I was tired on my way back up Hesitation Point. The fact that I was riding really well earlier was lost now, due to fatigue. I made a mistake around a difficult switchback. Somehow, one of my tires slipped, and I found myself falling — fortunately, to the center of the switchback, not to the ravine on the outside. Still, I fell a bit, hitting my knee and my left arm on something, and unfortunately, hitting some sensitive parts on the top tube of the bike. No real damage done, but it left me a bit sore. I rested for a few minutes and continued on my way. I was glad when I made it to the top of Hesitation Point. I think it was about 18 miles of riding, all told.

Road biking
On Sunday morning, I went for a road ride. I wasn’t sure how well that would work out, given my injuries from Saturday’s trail ride. I also got off to a bit of a late start, and it was pretty hot by the time I started riding. My plan was to ride around Lake Lemon backwards. After riding Mount Gilead Road, I felt OK and continued on, riding Shilo Road in the opposite direction I have in the past. It was a lot easier this way, in terms of climbing; instead of a long, spread-out climb, it was mostly downhill, with a couple of short, steep climbs. The only problem with this was that since Shilo Road is one of the roughest and windiest roads in the area, it was more technically challenging.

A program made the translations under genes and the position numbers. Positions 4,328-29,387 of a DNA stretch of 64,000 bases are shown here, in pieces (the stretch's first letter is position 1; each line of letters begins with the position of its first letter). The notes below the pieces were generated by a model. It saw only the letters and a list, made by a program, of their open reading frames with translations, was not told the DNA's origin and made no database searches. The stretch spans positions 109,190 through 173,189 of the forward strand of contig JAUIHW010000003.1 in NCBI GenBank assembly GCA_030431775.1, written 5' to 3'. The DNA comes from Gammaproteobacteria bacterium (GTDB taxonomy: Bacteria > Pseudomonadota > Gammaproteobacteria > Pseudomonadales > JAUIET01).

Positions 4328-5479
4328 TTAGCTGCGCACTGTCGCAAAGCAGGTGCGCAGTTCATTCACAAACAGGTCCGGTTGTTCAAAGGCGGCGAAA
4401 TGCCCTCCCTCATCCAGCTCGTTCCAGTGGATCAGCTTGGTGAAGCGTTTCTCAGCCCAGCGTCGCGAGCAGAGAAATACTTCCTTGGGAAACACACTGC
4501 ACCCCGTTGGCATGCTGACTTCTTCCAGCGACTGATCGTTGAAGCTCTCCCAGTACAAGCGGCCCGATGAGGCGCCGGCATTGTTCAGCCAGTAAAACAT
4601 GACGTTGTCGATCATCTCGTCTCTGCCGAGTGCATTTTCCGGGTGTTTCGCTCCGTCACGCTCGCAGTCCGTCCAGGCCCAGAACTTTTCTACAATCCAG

I still felt pretty decent after riding Shilo Road, but I decided to head back toward home, rather than ride around Lake Lemon as planned. It was getting hotter, and I knew I could make it around the lake, but I didn’t want to push it too much. I wanted to get home and hang out with Sarah, and I knew we’d want to do some things with the rest of our day – I didn’t want to wear myself out completely by riding. So, it ended up being a fairly short ride, at about 26 miles, instead of the 36 I’d planned. On my way back, I took a photo of something by a fire station I’ve been meaning to shoot for a while.